Phenotype/Genotype Correlations in Movement Disorders
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|ClinicalTrials.gov Identifier: NCT00018889|
Recruitment Status : Recruiting
First Posted : July 9, 2001
Last Update Posted : February 6, 2020
|Condition or disease|
The goal of this protocol is to identify families with inherited movement disorders and evaluate disease manifestations to establish an accurate clinical diagnosis, and to investigate the underlying molecular mechanisms. Studies of inherited movement disorders in large families with good genealogical records are especially valuable.
Additionally, the plan is to screen subjects with and without Parkinson's disease for the presence of revelant antibodies, such as antibodies targeting tobacco mosaic virus antigens which may have a protective role against the development of the disease or may be related to other pathophysiologic mechanisms.
The study will also assess a series of exploratory peripheral blood biomarkers, including, but not limited to, those delineated by DNA, RNA, protein, and/or metabolite alterations in an effort to more accurately predict those with, or at risk of having, the specific neurological disease. Finally, validation of the NIH Toolbox Odor Identification Test (NIHOIT) against the standard University of Pennsylvania Smell Identification Test (UPSIT) in patients with Parkinson's Disease will be analyzed.
Subjects older than 2 years old with movement disorders and their family members will be enrolled. Patients with diseases of known molecular basis will be genotyped in order to investigate phenotype/genotype correlation. Patients with disease of unknown or incomplete genetic characterization will be studied with a hope of contributing to the identification of specific disease causing genes and genetic mechanisms and/or peripheral biosignatures involved in a particular disorder.
Eligible participants will have an initial medical and/or neurological evaluation at the Clinical Center or in the field, including blood draw for genetic and other biomarker testing.
Determination of phenotype/genotype correlations in specific movement disorders, gene identification if not known, gene expression and protein and metabolite levels, and presence of antibodies in Parkinson's disease and establishment of a clinical diagnosis when possible.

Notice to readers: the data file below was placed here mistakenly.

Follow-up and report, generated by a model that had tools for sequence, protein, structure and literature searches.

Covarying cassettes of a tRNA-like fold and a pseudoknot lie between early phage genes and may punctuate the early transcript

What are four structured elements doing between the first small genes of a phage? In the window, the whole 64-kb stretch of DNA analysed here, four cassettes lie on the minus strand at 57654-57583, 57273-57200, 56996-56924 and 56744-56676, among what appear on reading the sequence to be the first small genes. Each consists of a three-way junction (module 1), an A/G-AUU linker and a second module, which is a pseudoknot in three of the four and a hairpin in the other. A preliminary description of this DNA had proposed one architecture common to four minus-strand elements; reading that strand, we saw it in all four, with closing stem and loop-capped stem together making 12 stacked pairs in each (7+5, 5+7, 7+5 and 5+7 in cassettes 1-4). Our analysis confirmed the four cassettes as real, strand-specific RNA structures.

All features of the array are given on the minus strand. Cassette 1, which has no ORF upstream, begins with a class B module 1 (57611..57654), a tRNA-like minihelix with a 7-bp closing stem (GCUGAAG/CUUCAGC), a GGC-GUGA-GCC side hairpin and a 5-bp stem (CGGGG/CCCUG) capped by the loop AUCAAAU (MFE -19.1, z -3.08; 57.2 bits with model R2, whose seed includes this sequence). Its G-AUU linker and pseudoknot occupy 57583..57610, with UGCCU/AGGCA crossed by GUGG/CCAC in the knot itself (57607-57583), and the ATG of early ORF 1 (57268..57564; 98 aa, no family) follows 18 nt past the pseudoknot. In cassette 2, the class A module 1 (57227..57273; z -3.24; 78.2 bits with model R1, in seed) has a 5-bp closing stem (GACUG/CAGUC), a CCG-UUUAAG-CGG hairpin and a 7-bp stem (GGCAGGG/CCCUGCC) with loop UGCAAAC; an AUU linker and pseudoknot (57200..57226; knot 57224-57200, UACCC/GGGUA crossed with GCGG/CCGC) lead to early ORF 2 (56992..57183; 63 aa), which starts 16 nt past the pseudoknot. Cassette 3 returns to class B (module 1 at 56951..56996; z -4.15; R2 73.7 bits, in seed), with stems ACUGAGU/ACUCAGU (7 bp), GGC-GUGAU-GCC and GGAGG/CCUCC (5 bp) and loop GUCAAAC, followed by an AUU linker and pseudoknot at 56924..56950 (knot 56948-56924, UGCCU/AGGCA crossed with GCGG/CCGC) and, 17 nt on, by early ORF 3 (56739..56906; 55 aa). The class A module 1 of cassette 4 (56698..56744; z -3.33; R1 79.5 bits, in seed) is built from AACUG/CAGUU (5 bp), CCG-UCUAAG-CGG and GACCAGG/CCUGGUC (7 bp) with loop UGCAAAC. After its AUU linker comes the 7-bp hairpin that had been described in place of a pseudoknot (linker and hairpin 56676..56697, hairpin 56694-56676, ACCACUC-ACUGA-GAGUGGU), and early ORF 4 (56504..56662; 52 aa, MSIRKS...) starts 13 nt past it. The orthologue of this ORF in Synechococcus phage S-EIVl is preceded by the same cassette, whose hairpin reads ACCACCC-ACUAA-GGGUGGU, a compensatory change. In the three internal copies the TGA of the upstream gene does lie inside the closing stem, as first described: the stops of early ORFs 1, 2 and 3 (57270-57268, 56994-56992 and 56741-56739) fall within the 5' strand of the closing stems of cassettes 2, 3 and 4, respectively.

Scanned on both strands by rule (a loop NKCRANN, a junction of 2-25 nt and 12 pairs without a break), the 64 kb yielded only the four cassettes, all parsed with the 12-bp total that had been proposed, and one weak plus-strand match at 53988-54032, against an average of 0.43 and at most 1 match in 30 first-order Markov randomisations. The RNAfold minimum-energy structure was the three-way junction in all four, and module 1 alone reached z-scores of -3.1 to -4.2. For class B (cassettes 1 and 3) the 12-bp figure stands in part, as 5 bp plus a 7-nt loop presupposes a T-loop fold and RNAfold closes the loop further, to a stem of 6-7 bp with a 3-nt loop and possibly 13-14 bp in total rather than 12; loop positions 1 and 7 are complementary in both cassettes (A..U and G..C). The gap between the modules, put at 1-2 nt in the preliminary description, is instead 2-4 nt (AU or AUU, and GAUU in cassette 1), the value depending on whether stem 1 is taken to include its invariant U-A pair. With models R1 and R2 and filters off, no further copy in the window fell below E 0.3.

|Study Type :||Observational|
|Estimated Enrollment :||2500 participants|
|Official Title:||Phenotype/Genotype Correlations in Movement Disorders|
|Actual Study Start Date :||October 22, 2001|
- Correlation between the genotype and phenotype in movement disorders. [ Time Frame: 10 Years ]Characterizations to determine their eligibility for inclusion in other NIH protocols.
- Identification clinical correlations between phenotype and genotype
- Identification of new genes and /or peripheral blood biomarkers associated with movement disorders.
- Identification of new genes through newer techniques such as whole exome and whole genome to identify the genetic cause of a neurologic condition in an individual or family.
- Identification of specific peripheral blood biomarkers in plasma of patients with or without PD that would improve the diagnostic accuracy, especially in subjects at risk of developing the disorder in the future
- Identification of disease specific biomarkers in stem cells derived from patient peripheral blood mononuclear cells or fibroblast lines.
- Identification of peripheral alpha-synuclein via histology of skin biopsies
To learn more about this study, you or your doctor may contact the study research staff using the contact information provided by the sponsor.
Please refer to this study by its ClinicalTrials.gov identifier (NCT number): NCT00018889
|Contact: Mae Brooks||(301) email@example.com|
|Contact: Debra J Ehrlich, M.D.||(301) firstname.lastname@example.org|
|United States, Maryland|
|National Institutes of Health Clinical Center, 9000 Rockville Pike||Recruiting|
|Bethesda, Maryland, United States, 20892|
|Contact: For more information at the NIH Clinical Center contact Office of Patient Recruitment (OPR) 800-411-1222 ext TTY8664111010 email@example.com|
|Principal Investigator:||Debra J Ehrlich, M.D.||National Institute of Neurological Disorders and Stroke (NINDS)|